What was advertised in a colonial American newspaper 250 years ago this week?
“Brown Sugars of various Qualities.”
Like most advertisements that ran in eighteenth-century newspapers, Joseph Barrell’s notice in the July 22, 1771, edition of the Boston Evening-Post consisted entirely of text unadorned with images. That did not mean, however, that Barrell did not deploy graphic design to his advantage. In listing dozens of commodities available at his store, he adopted a unique format that distinguished his advertisement from others in the newspaper. Barrell centered his text, producing a distinctive amount of white space compared to other notices.
Consider the most common configurations for enumerating goods in advertisements. Both styles appeared on the same page as Barrell’s notice. In the first, the most common, advertisers listed items in dense paragraphs of text with both the left and right side justified with the margins. This gave such advertisements some visual heft, communicating to prospective customers that the advertisers carried vast assortments of goods, but it also made those advertisements more difficult to read compared to the second option. Some advertisers decided to divide their notices into columns, listing only one or two items per line. That method also yielded blank space that made it easier for readers to navigate those advertisement, but it meant that purveyors of goods could not list as many items in the same amount of space. Charles Dabney utilized the first method for his “general Assortment of English and India GOODS” in an advertisement about as long as it was wide, one that featured very little blank space. William Scott’s advertisement for a “Variety of English and Scotch Goods” was just as dense and perhaps even more difficult to read since it extended more than twice the length of Dabney’s notice and listed many more items available at his shop. John Head, on the other hand, resorted to columns for his commodities. In an advertisement that occupied about as much space as Dabney’s, he listed far fewer items.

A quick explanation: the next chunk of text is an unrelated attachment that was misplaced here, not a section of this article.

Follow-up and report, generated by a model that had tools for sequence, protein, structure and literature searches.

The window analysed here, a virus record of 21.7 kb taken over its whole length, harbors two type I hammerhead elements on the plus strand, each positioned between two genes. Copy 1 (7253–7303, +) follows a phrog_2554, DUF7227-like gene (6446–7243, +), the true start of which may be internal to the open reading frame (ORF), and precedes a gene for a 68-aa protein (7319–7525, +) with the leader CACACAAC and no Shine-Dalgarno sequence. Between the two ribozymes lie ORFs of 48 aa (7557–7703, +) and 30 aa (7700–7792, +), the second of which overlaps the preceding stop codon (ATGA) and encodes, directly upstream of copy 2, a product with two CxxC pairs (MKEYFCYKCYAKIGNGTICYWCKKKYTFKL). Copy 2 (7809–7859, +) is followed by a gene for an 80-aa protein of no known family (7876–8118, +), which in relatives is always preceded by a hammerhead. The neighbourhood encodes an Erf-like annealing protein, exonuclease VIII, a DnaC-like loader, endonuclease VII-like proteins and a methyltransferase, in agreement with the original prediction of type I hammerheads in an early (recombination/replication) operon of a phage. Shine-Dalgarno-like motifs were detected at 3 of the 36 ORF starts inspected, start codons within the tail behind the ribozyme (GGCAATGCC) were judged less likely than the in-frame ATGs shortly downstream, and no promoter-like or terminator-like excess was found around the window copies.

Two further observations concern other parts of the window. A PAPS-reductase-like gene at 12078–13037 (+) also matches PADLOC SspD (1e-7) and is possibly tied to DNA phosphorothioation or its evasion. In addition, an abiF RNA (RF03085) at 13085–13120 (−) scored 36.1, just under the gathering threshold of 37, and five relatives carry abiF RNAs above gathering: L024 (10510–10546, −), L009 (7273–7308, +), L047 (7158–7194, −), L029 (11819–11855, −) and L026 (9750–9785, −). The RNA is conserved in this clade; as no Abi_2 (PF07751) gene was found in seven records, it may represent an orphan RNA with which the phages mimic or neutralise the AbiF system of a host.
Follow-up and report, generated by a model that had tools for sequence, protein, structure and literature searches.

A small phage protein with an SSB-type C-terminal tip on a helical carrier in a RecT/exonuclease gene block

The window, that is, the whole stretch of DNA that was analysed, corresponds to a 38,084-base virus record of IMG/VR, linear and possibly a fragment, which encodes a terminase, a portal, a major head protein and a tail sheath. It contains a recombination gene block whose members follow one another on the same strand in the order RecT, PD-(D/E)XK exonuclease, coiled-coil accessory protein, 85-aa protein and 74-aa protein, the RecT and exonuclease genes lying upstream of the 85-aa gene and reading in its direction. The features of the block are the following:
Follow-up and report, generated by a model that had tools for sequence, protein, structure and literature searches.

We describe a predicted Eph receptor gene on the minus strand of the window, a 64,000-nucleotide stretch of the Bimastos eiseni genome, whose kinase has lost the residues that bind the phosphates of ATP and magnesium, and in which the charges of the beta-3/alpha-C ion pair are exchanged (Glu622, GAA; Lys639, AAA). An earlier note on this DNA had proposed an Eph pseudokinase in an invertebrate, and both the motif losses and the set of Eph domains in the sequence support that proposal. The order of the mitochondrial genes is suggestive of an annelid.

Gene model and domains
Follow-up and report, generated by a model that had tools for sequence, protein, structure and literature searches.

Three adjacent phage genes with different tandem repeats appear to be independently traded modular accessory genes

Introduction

Readers readily recognized both formats, but that was not the case for Barrell’s advertisement. Compositors often centered the first couple of lines of advertisements, the introductory materials that gave the advertiser’s name and location, but rarely did they center the contents in the body of the advertisement. That made Barrell’s advertisement unique, likely drawing the eyes of readers. Barrell did not offer goods that differed much from those available in other shops, nor did he make appeals to price or quality that differed from those advanced by other advertisers. His advantage in communicating with prospective customers derived from the graphic design elements of his advertisement.